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Cablegate: Goodbye, Exporters: Colgate-Palmolive's Case

This record is a partial extract of the original cable. The full text of the original cable is not available.

UNCLAS HARARE 000703

SIPDIS

SENSITIVE

STATE FOR AF/S
NSC FOR SENIOR AFRICA DIRECTOR JFRAZER
USDOC FOR AMANDA HILLIGAS
TREASURY FOR OREN WYCHE-SHAW
PASS USTR FLORIZELLE LISER
STATE PASS USAID FOR MARJORIE COPSON

E. O. 12958: N/A
TAGS: ETRD ECON EINV PGOV ZI
SUBJECT: Goodbye, Exporters: Colgate-Palmolive's Case

Ref: a) Harare 141 b) Harare 256 c) Harare 456

1. (SBU) Summary: Colgate-Palmolive's relocation of
productive facilities from Zimbabwe to South Africa bears
witness to this Government's export-unfriendly policies.
End Summary.

Zimbabwe's Loss - South Africa's Gain
-------------------------------------
2. (SBU) We have reported frequently (refs) on the GOZ's
demolition of exporters through overtaxing, overvaluing
the zimdollar and overcharging for services such as
electricity. Colgate-Palmolive's case is illustrative.
Over the past three years, the consumer products firm has
gradually shifted its Zimbabwean manufacturing capacity
to South Africa.

3. (SBU) The company's local managing director recently
recounted how frustrating the process of becoming
strictly an importer has been. For instance, Colgate-
Palmolive used to export toothpaste produced in Zimbabwe
to Malawi, taking advantage of a duty-free arrangement.
Eventually, however, the multinational calculated that
this privilege did not compensate for Zimbabwe's many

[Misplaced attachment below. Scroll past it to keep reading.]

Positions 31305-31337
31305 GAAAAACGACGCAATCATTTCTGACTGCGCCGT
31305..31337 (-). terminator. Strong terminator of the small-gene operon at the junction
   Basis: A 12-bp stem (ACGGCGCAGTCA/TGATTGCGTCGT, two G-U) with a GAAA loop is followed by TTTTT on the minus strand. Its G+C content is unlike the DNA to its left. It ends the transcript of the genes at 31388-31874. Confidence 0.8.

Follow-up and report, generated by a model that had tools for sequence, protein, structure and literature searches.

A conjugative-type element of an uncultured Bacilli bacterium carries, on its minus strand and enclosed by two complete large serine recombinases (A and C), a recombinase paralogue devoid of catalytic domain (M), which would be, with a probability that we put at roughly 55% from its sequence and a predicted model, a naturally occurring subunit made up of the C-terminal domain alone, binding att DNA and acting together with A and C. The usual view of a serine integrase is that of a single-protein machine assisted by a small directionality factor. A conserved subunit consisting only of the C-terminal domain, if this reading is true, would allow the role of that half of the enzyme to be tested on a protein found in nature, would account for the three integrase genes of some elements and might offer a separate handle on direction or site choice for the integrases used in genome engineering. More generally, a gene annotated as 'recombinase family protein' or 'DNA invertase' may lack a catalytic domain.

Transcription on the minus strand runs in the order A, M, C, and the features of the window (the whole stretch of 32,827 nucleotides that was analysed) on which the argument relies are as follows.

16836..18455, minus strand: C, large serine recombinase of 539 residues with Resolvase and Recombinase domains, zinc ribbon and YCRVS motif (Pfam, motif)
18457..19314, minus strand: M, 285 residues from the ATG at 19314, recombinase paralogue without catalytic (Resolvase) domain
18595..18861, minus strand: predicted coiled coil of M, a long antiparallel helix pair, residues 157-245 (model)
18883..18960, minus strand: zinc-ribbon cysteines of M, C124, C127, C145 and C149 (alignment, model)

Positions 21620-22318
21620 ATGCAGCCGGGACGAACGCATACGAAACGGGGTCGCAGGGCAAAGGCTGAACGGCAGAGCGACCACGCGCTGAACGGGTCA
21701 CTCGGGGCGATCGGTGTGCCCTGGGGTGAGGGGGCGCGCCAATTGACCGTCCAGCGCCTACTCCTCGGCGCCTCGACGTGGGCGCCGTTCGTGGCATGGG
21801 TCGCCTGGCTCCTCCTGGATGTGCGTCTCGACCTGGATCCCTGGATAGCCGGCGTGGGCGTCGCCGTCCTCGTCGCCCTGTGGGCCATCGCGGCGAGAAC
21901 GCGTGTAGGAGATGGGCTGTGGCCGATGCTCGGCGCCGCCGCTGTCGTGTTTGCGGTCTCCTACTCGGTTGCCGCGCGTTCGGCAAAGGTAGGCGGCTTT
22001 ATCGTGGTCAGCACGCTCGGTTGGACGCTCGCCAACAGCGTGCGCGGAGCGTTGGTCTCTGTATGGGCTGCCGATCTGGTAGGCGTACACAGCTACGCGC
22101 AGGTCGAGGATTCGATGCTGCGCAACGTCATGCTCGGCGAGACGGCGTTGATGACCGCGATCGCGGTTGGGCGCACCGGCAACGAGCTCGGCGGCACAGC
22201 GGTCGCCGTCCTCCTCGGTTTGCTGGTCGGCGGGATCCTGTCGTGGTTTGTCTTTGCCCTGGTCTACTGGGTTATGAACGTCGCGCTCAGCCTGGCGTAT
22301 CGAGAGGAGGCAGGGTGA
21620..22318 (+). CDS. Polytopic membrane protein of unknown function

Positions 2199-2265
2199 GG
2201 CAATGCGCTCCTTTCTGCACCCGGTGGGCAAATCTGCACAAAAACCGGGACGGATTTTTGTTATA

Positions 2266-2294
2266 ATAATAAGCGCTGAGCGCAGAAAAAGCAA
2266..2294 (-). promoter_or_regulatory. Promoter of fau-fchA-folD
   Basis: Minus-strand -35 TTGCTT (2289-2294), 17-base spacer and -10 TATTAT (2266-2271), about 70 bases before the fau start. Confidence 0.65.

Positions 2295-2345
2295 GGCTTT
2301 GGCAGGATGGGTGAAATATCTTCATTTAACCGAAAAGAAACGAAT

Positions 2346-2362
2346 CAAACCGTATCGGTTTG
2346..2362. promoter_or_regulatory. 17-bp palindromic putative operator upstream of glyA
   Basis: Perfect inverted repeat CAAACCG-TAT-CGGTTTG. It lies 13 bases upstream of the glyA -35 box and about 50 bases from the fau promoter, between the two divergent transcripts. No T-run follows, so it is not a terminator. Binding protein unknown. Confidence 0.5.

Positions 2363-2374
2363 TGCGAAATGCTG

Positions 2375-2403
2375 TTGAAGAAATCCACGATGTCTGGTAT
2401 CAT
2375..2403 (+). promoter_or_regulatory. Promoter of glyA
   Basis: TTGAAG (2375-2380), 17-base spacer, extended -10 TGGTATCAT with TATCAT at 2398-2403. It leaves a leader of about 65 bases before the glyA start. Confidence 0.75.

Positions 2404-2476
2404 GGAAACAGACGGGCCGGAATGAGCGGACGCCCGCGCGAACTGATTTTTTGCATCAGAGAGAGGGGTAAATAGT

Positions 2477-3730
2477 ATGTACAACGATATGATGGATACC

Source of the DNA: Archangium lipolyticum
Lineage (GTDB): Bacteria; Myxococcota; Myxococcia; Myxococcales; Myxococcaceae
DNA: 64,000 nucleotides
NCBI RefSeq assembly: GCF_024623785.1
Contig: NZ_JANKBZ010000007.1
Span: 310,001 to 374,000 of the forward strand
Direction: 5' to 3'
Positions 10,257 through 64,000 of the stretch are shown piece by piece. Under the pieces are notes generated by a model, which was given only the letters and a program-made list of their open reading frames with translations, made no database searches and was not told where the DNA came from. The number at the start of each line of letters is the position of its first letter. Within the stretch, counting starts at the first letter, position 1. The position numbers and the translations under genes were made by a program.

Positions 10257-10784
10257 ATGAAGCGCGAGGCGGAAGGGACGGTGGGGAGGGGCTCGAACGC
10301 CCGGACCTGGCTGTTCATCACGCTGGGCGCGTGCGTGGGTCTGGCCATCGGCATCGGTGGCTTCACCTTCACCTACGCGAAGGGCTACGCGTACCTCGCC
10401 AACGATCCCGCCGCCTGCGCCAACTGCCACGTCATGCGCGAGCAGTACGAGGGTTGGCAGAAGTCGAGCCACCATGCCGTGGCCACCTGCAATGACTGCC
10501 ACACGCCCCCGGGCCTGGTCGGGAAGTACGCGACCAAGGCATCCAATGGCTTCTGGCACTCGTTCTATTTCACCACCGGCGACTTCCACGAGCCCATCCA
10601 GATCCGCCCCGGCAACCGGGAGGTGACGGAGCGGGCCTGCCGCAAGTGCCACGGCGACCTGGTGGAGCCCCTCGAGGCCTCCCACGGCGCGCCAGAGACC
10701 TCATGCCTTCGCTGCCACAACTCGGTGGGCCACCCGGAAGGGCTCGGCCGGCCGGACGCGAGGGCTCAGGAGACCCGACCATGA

obstacles:

- exchange 25 percent of forex revenue with the GOZ at a
negligible rate
- contend with a perpetually overvalued zimdollar
- pay - on a regional standard - double for electricity
- get around logistics nightmares (erratic railway
service, fuel/banknote shortages, etc)
- absorb a high political risk factor.

It became cheaper to export toothpaste from South Africa
to Malawi, even with a strong rand, higher salaries and a
25 percent duty requirement.

Comment
-------
4. (SBU) On a regional or global scale, GOZ policy has
rendered domestic producers uncompetitive. Miners, for
example, tell us they are digging deep for platinum in
South Africa that they could extract near the surface in
Zimbabwe - if only export conditions here made it
worthwhile. By squandering resources to prop up the
zimdollar, the GOZ is indirectly subsidizing foreign
producers that sell in Zimbabwe while punishing its own
manufacturers - i.e., what's left of them. Given that
the zimdollar has already collapsed from Z$17:US$ since
1998, it's hard to explain GOZ vigilance to hold the
exchange at about an overvalued Z$5,000:US$ rather than,
say, Z$8,000-12,000:US$. But that's Zimbabwe.

Sullivan

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